When it comes to Pokémon, let’s just say that I was the perfect age to be placed in the thick of the phenomenon. I played the Game Boy games, I collected the cards, I even owned a bunch of those blue pebbles that hardly anyone knew what to do actually do with, it was a hazy crazy time and the animated cartoon on a Saturday morning was something that I was excited to wake for as a nine year old. Of course, as with any childhood fad, the phenomenon faded for me personally, and I can’t profess to have anything more than a distant relationship with the pocket monster crew at this point. Would Detective Pikachu bring me back into the fold?
Based on the plot of a 2016 video game, the film tells the story of Tim Goodman (Justice Smith), a young man in something of a life rut who travels to Ryme City upon hearing the news of the death of his detective father. After arriving, Tim soon begins to realise that all is not quite as it seems, and with the help of his dad’s Pokémon partner Pikachu (voiced by Ryan Reynolds), with whom he can mysteriously communicate, the duo set out unravelling a Poké-mystery that goes all the way to the top.
Being the first live action film to present a human/Pokémon coinhabited universe, the word building is absolutely the most fun and most impressive part of Detective Pikachu. My inner child got a real kick out of seeing the likes of Pikachu, Charmander, Bulbasaur and even some deep cuts likes Ditto, Psyduck and Mr. Mime brought to photo-realistic life. There is a very interesting sort of ‘noir light’ aesthetic and tone to the film, with lots of motifs and tropes associated with more mature genre works being adapted to suit what is at its core a kid’s movie. Aside from the fun visuals of the assorted characters, the film also stands as a more than acceptable beginner’s guide for kids to a much more adult feeling genre. Noir for children, that’s a cool thing to achieve!
When you start to get down to the nitty gritty of the plot, however, things become a little less impressive and interesting. The fact is that the narrative thread of the film is just not as interesting or engaging as the overall design of the world. One might argue that the nature of a children’s film is always going to mean exaggerated levels of exposition to help younger viewers connect the dots and get from A to B, but the likes of Pixar, for example, have always been much more elegant in the ways that they tell stories to their core demographic. The plot is a perfectly serviceable one, but in the eyes of a near thirty year old it just doesn’t feel quite as sharp and constructed as it could do.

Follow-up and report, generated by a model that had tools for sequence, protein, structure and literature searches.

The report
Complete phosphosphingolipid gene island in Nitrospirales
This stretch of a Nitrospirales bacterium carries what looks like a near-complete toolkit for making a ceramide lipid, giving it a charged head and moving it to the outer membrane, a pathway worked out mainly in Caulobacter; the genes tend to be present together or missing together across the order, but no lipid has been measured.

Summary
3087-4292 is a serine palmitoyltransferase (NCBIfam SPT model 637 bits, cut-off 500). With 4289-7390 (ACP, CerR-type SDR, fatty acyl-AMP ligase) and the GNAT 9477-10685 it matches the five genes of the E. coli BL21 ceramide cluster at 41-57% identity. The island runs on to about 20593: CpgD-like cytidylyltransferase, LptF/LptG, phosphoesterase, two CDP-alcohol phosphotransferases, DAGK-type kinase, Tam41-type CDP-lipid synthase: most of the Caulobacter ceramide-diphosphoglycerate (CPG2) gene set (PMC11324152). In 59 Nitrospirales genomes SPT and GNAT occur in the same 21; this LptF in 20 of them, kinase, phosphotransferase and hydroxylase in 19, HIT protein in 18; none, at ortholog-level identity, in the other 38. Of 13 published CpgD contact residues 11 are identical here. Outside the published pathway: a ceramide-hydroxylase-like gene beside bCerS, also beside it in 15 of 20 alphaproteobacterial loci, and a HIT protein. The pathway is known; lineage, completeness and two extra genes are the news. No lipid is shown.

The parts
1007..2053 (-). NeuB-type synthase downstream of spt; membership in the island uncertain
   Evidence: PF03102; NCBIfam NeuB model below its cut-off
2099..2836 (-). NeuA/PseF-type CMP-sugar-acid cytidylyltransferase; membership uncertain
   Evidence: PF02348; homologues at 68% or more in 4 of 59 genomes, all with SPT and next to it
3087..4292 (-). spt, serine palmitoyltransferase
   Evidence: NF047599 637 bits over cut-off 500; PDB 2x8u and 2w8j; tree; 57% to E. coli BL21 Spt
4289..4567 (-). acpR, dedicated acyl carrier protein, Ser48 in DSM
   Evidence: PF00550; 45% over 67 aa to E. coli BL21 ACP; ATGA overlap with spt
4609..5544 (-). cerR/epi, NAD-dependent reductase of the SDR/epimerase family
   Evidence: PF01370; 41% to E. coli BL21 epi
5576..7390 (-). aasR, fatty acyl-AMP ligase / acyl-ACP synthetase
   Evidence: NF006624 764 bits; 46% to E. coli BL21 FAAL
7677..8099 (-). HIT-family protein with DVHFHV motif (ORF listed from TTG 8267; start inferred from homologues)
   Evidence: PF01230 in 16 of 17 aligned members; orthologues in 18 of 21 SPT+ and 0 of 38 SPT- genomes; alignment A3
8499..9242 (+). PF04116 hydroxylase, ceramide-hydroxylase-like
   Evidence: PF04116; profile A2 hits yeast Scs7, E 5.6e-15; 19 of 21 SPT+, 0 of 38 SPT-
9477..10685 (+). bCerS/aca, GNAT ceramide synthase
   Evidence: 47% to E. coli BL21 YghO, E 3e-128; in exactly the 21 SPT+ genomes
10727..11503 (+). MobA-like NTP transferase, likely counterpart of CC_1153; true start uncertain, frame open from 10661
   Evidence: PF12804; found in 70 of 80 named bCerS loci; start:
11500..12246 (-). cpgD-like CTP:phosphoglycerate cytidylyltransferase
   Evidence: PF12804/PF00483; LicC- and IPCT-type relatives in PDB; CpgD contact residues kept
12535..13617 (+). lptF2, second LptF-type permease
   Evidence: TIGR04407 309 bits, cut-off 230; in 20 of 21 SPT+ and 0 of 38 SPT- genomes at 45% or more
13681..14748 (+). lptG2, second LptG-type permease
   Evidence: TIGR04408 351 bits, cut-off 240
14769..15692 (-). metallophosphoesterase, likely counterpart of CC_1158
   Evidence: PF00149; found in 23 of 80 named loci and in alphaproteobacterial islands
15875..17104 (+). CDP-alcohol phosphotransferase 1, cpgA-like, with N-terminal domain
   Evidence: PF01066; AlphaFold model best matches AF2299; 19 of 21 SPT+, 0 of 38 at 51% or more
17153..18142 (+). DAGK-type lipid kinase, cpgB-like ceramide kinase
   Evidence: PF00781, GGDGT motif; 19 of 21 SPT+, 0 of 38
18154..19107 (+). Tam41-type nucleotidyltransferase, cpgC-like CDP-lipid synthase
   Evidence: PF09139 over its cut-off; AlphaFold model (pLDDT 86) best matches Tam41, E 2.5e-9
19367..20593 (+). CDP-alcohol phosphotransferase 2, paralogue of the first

It’s also important to say that anyone going in to Detective Pikachu with zero knowledge of the Pokémon universe will probably feel lost and a little out of the loop more often than not. For all the exposition given about the minutia of the detective investigation, very little explanation time is afforded for making the film’s world accessible to those coming in with a completely clean slate.
As Tim Goodman, Justice Smith does a good job without ever really breaking out in to what could be described as a star turn. I give any actor more credit when the bulk of their scenes are opposite something that isn’t actually there during filming, and the chemistry that Smith manages to build with Pikachu is definitely one of the most enjoyable parts of the movie. He evokes a kind of outsider, awkward, finding your own place in the world vibe that always suits a movie for younger kids, and there is a sincerity in his performance that makes him immediately likeable.
Voicing Pikachu, Ryan Reynolds gives a sort of PG version of his now iconic Deadpool schtick. For adults who are familiar with his more R-rated work, this comes across as a little distracting and fourth wall breaking at times, but I can imagine that for kids who have yet to experience the Deadpool films, Pikachu’s sharp talking and witty quips are a lot of fun. Together, Smith on screen and Reynolds off screen combine to create an endearing duo, complimented by Kathryn Newton as Ryme City reporter Lucy Stevens, an enjoyable if not underused female character addition to the adventure. Without her, the film would feel incredibly ‘boyish’, but at the same time, more mature viewers will recognise that Lucy is very underwritten and two dimensional. A shame in the grand scheme of things, but probably better to have her included than not at all?
Overall, Pokémon Detective Pikachu is fun in parts and predictable in others, but when all is added up, it probably falls on the positive side of the spectrum. It’s an impressively visualised adventure that certainly boasts a better aesthetic than a nuts and bolts plot, but this full adult had a good time so I can only imagine that its intended audience will lap it up in an even bigger way.